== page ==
An enstatite (class EL 4-5) chondrite found in 1997 in the Ténéré du Tafassâsset, a part of central Sahara in the northeast of the Republic of Niger. The meteorite weighed 609 g; sectional plane 4.5 × 5 centimeters. Credit: Mineralogical Museum of the University of Hamburg, photo K.-C. Lyncker.

Enstatite is a common mineral belonging to the pyroxene group of silicates. It has the chemical formula Mg2Si2O6 being thus unusual among pyroxenes in that it is virtually iron-free. Enstatite and ferrosilite (Fe2Si2O6) form a complete solid solution series. Enstatite is found as rock-building material in basic and ultrabasic rocks such as gabbro, norite and peridotite. When it occurs in crystalline form, which is rare, it is as grayish green, light brown, white, or transparent crystals belonging to the orthorhombic system (three unequal axes at right angles to each other). Hardness 5.5; relative density 3.2–3.5.


Enstatite meteorites are the least common type of chondrite (stony meteorites containing submillimeter-sized inclusions called chondrules), accounting for only about 2% of the chondrites that fall to Earth. They are also unusual in that the iron they contain, which may make up to a quarter of their mass, appears in the form of metallic iron-nickel and as minerals containing iron sulfide. This is in marked contrast to other types of chondrite in which iron is combined with oxygen as oxides and silicates. Enstatite (E) chondrites also contain a variety of other minerals that can only form in extremely reducing (oxygen-poor) conditions, including oldhamite (calcium sulfide), niningerite (magnesium sulfide), perryite (iron-nickel silicide), and alkali sulfides. They are classified by petrologic grades 3 to 6 and divided into two groups by their iron content:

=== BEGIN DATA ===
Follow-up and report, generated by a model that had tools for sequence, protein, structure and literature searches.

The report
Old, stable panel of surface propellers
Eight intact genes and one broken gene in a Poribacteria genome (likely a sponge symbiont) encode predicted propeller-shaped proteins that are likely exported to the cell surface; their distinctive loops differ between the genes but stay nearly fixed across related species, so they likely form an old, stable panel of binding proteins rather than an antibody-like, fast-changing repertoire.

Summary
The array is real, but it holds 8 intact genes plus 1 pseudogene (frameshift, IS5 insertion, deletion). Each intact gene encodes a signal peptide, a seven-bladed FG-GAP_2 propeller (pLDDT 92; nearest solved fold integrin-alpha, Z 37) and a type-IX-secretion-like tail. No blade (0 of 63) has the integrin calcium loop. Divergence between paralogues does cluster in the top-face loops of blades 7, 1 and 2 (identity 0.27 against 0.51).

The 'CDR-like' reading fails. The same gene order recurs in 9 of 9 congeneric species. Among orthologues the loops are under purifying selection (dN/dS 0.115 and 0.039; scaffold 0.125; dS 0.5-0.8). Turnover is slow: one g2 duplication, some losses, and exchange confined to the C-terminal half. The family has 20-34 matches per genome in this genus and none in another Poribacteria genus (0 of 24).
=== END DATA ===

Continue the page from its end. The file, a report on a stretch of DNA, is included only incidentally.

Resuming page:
· EH (high metal) chondrites contain small (~ 0.2 millimeter) chondrules and high ratios of siderophile elements to silicon. More than 10% of the rock is composed of metal grains. About 3% by weight of the iron-nickel metal consists of elemental silicon.


· EL (low metal) chondrites contain larger (> 0.5 millimeter) chondrites and low ratios of siderophile elements to silicon. Only about 1% by weight of the iron-nickel metal consists of elemental silicon.


The fact that E chondrites contain the most refractory (least volatile) elements of any type of chondrite is a clue to their origin. One possibility is that they came from an asteroidal parent body which once orbited the Sun in the inner part of the Solar System, perhaps within the orbit of Venus or even that of Mercury. Alternatively, they may have originated further out in the inner part of the main asteroid belt when conditions there were much different than they are today. Astronomers have pointed to the environs of the young stars Beta Pictoris, for example, as an analog for the early Solar System. The dusty disk surrounding beta Pic is much more carbon-rich than are typical asteroids and comets in the Solar System today. Such conditions, it is thought, may have favoured the formation of the parent bodies from which enstatite meteorites came. Reflectance studies of some E chondrites show similarities with the surface composition of M-type asteroids such as Psyche.